In August 2010, I was living in Manhattan and had a front row seat to the highly emotional and impassioned debate over plans to build an Islamic cultural center in Lower Manhattan. To refresh your memory, Cordoba House was a proposed Islamic community center intended to promote an interfaith dialogue.
Imam Feisal Abdul Rauf, the founder of the project, described his intentions this way: “My ambition was to create a Muslim version of the 92nd Street Y in New York that would have cultural and educational programs, a prayer space, and a community center to promote a distinctively American Muslim identity, as well as a welcoming space for people of other faiths to build bridges and engage with each other.”
The vision was for the center to be “a beacon of transformative spirituality for the American Muslim community in New York and beyond. Grounded in the authentic essence of faith through worship of the One God, the purpose of the Cordoba House is to establish a compassionate forward thinking, moderate, pluralistic and inclusive Muslim community that applies a holistic approach to education, social services and activities, interfaith relations and cultural events.”
Sounds pretty cool, right? Except Cordoba House had a major issue: The location. Because the center was going to be built two blocks from the World Trade Center site it was super controversial, with many opponents of the project referring to it as the “Ground Zero Mosque.”
At the time, I remember thinking that this was an excellent opportunity for our president and congressional leaders to demonstrate domestic and international leadership. After all, the Pew Research Center estimates there are 3.45 million Muslims of all ages living in America. We desperately need the trust of these fellow neighbors as we fight homegrown violent extremists and terrorists abroad, and they already help tremendously with this effort every day.
Many Afghan- and Iraqi-Americans, for example, have graciously assisted our military with language translation skills and by providing cultural knowledge as civilians, and there are 5,896 self-identified Muslims who currently serve in the military (this number is probably much higher since 400,000 service members elect to not self-report their faith).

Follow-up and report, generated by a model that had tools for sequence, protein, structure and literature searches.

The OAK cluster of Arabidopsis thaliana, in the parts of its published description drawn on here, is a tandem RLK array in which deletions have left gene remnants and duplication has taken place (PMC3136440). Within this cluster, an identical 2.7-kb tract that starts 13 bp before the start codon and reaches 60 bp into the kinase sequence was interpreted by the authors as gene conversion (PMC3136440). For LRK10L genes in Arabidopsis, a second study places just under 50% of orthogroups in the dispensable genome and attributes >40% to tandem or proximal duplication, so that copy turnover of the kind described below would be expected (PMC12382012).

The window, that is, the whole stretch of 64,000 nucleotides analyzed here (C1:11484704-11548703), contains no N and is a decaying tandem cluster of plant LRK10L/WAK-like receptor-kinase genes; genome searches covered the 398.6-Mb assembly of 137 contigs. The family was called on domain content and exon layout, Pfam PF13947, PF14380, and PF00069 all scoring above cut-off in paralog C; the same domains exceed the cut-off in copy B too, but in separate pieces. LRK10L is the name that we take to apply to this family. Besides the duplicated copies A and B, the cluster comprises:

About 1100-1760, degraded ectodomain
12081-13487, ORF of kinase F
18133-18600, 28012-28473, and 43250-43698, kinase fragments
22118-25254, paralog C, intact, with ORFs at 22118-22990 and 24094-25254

But with very few exceptions — NYC Mayor Michael Bloomberg being one — most of our leaders chose to be puppets of politics and polls. It was so disappointing and depressing to watch how this all went down.
First let me say that, without question, for many Americans (myself included) the sorrow of 9/11 was then — and is now — as heartbreaking as it was the day it happened. It’s perfectly understandable that many Americans had strong feelings about an Islamic cultural center being built close to Ground Zero, especially as our soldiers still fought overseas and as acts of terror continued to occur in the name of Islam.
I must admit, my initial reaction after hearing about the proposed location was significant discomfort at best. However, in the face of terror, it is imperative that we not lose the very essence of who we are. We are the country that welcomes the poor, the tired, and the huddled masses. We are the country that celebrates life, liberty, and justice for all. We are the country that perfected the right to peaceful assembly, freedom of speech, and the free exercise of religion.
Beyond anything else, the core question here is: Do we want to live in a country that prohibits private citizens from building places to worship and celebrate their religion?